Internalization and thermal susceptibility of Shiga toxin-producing Escherichia coli (STEC) and internalization and antimicrobial susceptibility of Salmonella Typhimurium in marinated beef products under simulated industrial conditions
MetadataShow full item record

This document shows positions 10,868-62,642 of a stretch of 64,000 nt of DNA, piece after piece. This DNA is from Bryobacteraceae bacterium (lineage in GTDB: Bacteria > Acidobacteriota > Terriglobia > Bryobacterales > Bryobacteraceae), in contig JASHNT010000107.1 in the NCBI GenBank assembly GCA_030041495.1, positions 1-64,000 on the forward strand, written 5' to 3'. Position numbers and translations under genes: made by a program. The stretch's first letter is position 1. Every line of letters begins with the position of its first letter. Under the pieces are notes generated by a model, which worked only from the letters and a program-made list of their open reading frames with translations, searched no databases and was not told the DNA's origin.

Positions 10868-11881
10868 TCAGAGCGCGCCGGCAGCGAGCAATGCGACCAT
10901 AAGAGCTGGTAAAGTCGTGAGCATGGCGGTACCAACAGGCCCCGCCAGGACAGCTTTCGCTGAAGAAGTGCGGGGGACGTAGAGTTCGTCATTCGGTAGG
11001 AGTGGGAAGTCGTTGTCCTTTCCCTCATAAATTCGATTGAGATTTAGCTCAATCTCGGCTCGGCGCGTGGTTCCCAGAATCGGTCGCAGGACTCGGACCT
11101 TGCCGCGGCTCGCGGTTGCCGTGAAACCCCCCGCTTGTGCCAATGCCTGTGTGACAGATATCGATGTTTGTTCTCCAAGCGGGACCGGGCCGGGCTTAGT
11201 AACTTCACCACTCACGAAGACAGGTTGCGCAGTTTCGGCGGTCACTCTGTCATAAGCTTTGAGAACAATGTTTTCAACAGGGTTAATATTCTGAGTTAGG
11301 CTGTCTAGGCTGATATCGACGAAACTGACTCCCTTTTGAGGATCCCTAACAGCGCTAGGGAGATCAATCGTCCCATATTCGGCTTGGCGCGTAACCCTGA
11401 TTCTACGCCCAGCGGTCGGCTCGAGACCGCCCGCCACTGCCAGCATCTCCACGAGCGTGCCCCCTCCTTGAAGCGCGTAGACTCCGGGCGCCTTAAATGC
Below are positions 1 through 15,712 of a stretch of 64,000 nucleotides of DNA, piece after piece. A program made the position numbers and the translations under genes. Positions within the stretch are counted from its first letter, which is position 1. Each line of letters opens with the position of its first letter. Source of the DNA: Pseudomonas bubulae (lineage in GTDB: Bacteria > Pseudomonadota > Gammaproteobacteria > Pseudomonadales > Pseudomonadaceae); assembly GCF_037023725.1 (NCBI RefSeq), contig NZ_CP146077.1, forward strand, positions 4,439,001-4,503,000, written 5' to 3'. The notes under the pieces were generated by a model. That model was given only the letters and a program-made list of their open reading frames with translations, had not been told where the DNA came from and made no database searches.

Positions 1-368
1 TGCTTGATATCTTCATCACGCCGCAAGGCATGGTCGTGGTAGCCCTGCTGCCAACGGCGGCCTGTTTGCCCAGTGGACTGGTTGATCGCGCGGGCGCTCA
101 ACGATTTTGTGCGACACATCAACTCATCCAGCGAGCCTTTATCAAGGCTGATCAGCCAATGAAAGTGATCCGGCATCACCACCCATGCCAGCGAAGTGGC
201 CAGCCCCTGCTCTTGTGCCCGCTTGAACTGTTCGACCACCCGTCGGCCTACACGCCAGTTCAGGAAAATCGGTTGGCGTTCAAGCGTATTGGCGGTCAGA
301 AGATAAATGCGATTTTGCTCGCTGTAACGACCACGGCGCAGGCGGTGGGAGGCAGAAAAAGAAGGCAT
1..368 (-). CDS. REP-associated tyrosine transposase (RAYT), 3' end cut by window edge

Marinated meat products hold a significant portion of the retail and foodservice meat industry. The internalization and survivability after cooking of Shiga toxin-producing Escherichia coli (STEC) serogroups in these products is a concern for beef processors and the consumer. We addressed these concerns in this dissertation in two separate studies. One of our studies evaluated the internalization and cooking susceptibility of seven individual STEC serogroups considered adulterants in non-intact meat products (O157:H7, O26, O45, O103, O111, O121, and O145) in marinated beef sirloin steaks. Beef bottom sirloin flaps (IMPS #185A; USDA Select) were inoculated (106 log CFU/cm2) with a multi-strain cocktail of individual serogroups (seven total) prior to vacuum tumbled marination (30 or 60 min) and storage (14 d). After storage, flaps were cooked to various endpoint temperatures (55, 60, 65, and 71°C) for evaluation of pathogen survival by direct plating on MacConkey agar with tryptic soy agar overlay. Pathogen presence after marination, storage, and cooking was determined by direct plating or rapid PCR based detection (BAX®) when numbers were below the enumeration limit. The data indicate varied internalization, translocation, and heat susceptibility patterns among the evaluated STEC serogroups. Sirloin flap sections inoculated with –STEC O145 and marinated for 60 min had more internalized STEC (P< 0.05) than sections marinated for 30 min. However, after storage, internalized STEC populations did not differ (P > 0.05) in sections marinated for 30 min versus those marinated for 60 min. Escherichia coli serogroups O26, O103, and O111 were detected in flaps cooked to 55 and 60°C, while E. coli O157:H7 survived in flap sections cooked to 60 and 65°C. However, STEC O145 was the only serogroup with confirmed pathogen survivability at all cooking temperatures (55, 60, 65, and 71°C). The other two serogroups (STEC O121 and O45) were not detected in any cooked products. In our second study we evaluated Salmonella survival in the products. As the incidence of multidrug resistance (MDR) Salmonella enterica serotype Typhimurium is increasing, data regarding the antimicrobial interventions and pathogen internalization in marinated meat products is important. Our second study evaluated the antimicrobial interventions and internalization of Salmonella Typhimurium in marinated beef sirloin steaks. Beef bottom sirloin flaps (IMPS #185A; USDA Select) inoculated (108 log CFU/cm2) with Salmonella Typhimurium were sprayed (lactic acid (4%) and buffered vinegar (2%)) prior to vacuum tumbled marination (0.35% sodium chloride and 0.45% sodium tripolyphosphate) for 30 min. Pathogen presence after antimicrobial spray, vacuum tumbled marination, and translocation was determined by direct plating on Xylose Lysine Deoxycholate (XLD) agar with tryptic soy agar (TSA) overlay. The data indicated varied internalization and antimicrobial susceptibility pattern of Salmonella Typhimurium in marinated meat. Salmonella Typhimurium was reduced by 2.4 log10 CFU/cm2 in post-inoculated surface attachment. Lactic acid (4%) spray (P <0.0001) and buffered vinegar (2%; P <0.0001) reduced surface populations of Salmonella Typhimurium on inoculated beef sirloin flaps prior to vacuum marination. However, reductions in surface populations were greater (~ 2 log10 CFU/cm2) for lactic acid in comparison with buffered vinegar (P <0.0001). Alternatively, the translocation of Salmonella Typhimurium following vacuum marination was not influenced (P <0.333) by the application of a surface organic acid spray prior to marination. Both of these studies emphasize the importance of considering food safety hazards that can be associated with vacuum marinated meat. Similarly, these data confirm the efficacy and utility of interventions prior to vacuum tumbled marination. Additionally, although surface interventions are efficacious, these data suggest that further research is needed to identify additional strategies to mitigate internalization and translocation of STEC and salmonella Typhimurium into vacuum-marinated meat products.